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Computational Modeling Advances Research in Asthma Treatment

PSC professor Alexander MacKerell leads the Computer-Aided Drug Design Center.

Headshot of Alexander MacKerell

By Andrew Tie
December 6, 2022

A faculty member in the Department of Pharmaceutical Sciences (PSC) is using novel computational modeling technologies to improve the efficacy of treatments for lung diseases like asthma and chronic obstructive pulmonary disease (COPD).

In a recently published article in Proceedings of the National Academy of Sciences, Alexander MacKerell, PhD, the Grollman-Glick Professor of Pharmaceutical Sciences and director of the Computer-Aided Drug Design (CADD) Center at the University of Maryland School of Pharmacy, details translational research using computational methods to identify a new binding site for drug therapy along with compounds that bind to that site with the potential to be developed into new therapeutics.

In existing asthma treatments, inhalers containing drugs called β-agonists come with adverse effects and tolerance issues. They work by activating β2-adrenoceptors (β2ARs), which relax the airway and makes breathing easier, a process known as bronchodilation. However, long-term use of inhalers can lead to less effective β2AR activation and limit the bronchoprotective effect of β-agonists. MacKerell, with funding from the National Institutes of Health, began investigating if a different activation site, known as an allosteric site, on β2ARs could improve drug treatment by reducing adverse effects.

“Our challenge was to identify a novel binding site and compatible compound to improve the efficacy of these inhalers,” MacKerell says. “Thanks to the CADD technology developed at our School and our collaboration with an expert in the biology of asthma, we are excited about the promising path for this pharmaceutical research.”

Novel Computational Modeling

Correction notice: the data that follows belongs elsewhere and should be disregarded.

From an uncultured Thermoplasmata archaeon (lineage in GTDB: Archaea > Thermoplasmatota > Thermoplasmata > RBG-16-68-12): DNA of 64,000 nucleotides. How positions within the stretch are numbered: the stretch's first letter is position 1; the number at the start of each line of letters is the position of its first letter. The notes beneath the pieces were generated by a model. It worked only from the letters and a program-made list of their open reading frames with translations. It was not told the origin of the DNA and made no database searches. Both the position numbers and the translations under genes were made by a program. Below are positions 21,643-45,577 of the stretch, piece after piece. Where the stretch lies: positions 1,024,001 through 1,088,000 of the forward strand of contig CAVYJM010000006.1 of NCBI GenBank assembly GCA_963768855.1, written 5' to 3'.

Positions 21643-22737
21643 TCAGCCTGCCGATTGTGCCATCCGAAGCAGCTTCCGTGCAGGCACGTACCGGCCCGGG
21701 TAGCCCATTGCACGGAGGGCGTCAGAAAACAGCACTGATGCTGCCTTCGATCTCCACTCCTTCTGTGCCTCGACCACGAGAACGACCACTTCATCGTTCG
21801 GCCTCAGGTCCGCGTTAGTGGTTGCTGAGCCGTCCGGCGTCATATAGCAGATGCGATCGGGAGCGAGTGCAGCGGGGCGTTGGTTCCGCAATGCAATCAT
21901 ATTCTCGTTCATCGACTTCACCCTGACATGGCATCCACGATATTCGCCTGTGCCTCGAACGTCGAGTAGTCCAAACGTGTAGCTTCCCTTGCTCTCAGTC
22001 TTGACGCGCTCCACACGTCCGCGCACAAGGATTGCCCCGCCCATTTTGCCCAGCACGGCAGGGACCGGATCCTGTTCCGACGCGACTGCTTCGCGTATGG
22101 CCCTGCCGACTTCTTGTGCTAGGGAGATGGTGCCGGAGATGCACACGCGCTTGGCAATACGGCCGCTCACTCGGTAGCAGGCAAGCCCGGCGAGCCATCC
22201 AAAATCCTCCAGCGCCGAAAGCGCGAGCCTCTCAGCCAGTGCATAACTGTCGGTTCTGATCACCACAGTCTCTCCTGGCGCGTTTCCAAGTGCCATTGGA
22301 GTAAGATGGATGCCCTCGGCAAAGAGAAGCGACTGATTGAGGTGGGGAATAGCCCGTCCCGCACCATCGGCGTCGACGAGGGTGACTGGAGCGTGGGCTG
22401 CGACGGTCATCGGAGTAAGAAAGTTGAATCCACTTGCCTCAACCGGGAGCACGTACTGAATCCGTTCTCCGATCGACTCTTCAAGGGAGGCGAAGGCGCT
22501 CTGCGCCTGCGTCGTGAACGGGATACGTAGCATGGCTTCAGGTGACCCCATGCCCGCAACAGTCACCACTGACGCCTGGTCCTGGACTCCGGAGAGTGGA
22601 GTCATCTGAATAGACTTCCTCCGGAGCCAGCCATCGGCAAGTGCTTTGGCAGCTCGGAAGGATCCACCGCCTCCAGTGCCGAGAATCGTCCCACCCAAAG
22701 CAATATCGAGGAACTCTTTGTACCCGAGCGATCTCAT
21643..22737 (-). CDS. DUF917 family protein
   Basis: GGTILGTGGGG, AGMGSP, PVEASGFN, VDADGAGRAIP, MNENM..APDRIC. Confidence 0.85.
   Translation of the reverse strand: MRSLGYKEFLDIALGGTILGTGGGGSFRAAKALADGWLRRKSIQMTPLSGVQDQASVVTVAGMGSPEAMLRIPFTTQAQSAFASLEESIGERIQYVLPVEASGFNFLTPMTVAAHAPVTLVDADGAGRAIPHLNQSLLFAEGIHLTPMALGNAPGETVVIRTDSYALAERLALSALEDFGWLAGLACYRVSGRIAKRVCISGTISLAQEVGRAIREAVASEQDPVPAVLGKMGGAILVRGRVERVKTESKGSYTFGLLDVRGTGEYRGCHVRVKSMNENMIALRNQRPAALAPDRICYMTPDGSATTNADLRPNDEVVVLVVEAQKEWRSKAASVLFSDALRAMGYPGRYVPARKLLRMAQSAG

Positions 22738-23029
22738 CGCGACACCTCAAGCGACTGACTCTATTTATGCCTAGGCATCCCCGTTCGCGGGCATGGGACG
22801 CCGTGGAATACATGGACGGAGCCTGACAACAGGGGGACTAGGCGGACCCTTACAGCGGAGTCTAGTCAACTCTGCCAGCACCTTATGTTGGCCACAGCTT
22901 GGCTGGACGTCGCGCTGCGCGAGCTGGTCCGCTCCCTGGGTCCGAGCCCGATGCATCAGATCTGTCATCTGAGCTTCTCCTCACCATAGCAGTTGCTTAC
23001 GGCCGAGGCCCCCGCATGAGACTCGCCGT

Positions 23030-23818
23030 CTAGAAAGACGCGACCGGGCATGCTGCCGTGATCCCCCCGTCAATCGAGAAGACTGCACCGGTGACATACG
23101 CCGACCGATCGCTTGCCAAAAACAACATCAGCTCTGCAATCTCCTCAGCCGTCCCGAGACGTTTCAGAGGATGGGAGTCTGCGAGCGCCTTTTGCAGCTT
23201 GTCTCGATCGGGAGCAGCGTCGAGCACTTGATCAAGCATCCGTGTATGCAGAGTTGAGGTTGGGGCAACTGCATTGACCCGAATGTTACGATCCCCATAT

To identify novel binding sites that might work, MacKerell analyzed 3D structures of β2ARs using Site Identification by Ligand Competitive Saturation (SILCS) technology, a CADD method that was invented in his laboratory. The SILCS technology mapped β2ARs and detected potential alternative sites for activation.

The SILCS technology is licensed from the University of Maryland, Baltimore (UMB) by the startup company, SilcsBio, LLC, which supplies CADD software and services to the pharmaceutical industry.

Using the mapping results, MacKerell searched in silico (computer generated) databases for compounds that might be a good fit with the site. In silico databases include existing compounds as well as those that have never actually been synthesized but could be in principle.

“This is a very powerful technology, and we are leveraging computers to narrow the options from 100 million compounds to 100,” MacKerell says. “Of those 100 or so, we can find new compounds that bind to the target protein through experimental testing.”

Collaboration with Airway Biologists

To evaluate the identified compounds, MacKerell worked with Deepak Deshpande, DVM, PhD, professor of medicine at Thomas Jefferson University, Philadelphia. MacKerell and Deshpande have been collaborating for a decade since Deshpande was a faculty member at the University of Maryland School of Medicine.

Deshpande and his lab conducted all functional characterization analysis of the compounds and tested them on β2ARs in in vitro (outside of a living organism) and in vivo (inside a living organism) models.

“We screened a bunch of compounds, and a few were able to positively enhance the beneficial signaling, airway relaxation, and bronchodilation, which we think is going to be very helpful in the long run,” Deshpande says.

MacKerell says next steps include further optimizing the drugs, establishing their mechanism of action, and better understanding the biology and pharmacology of β2ARs. He also says this scientific approach could be applied to many other pharmaceutical studies.

“Our CADD approach has been successful at UMB due to the ability to collaborate with current and former faculty with a range of skill sets, from computational and theoretical chemistry to airway biology,” MacKerell says.

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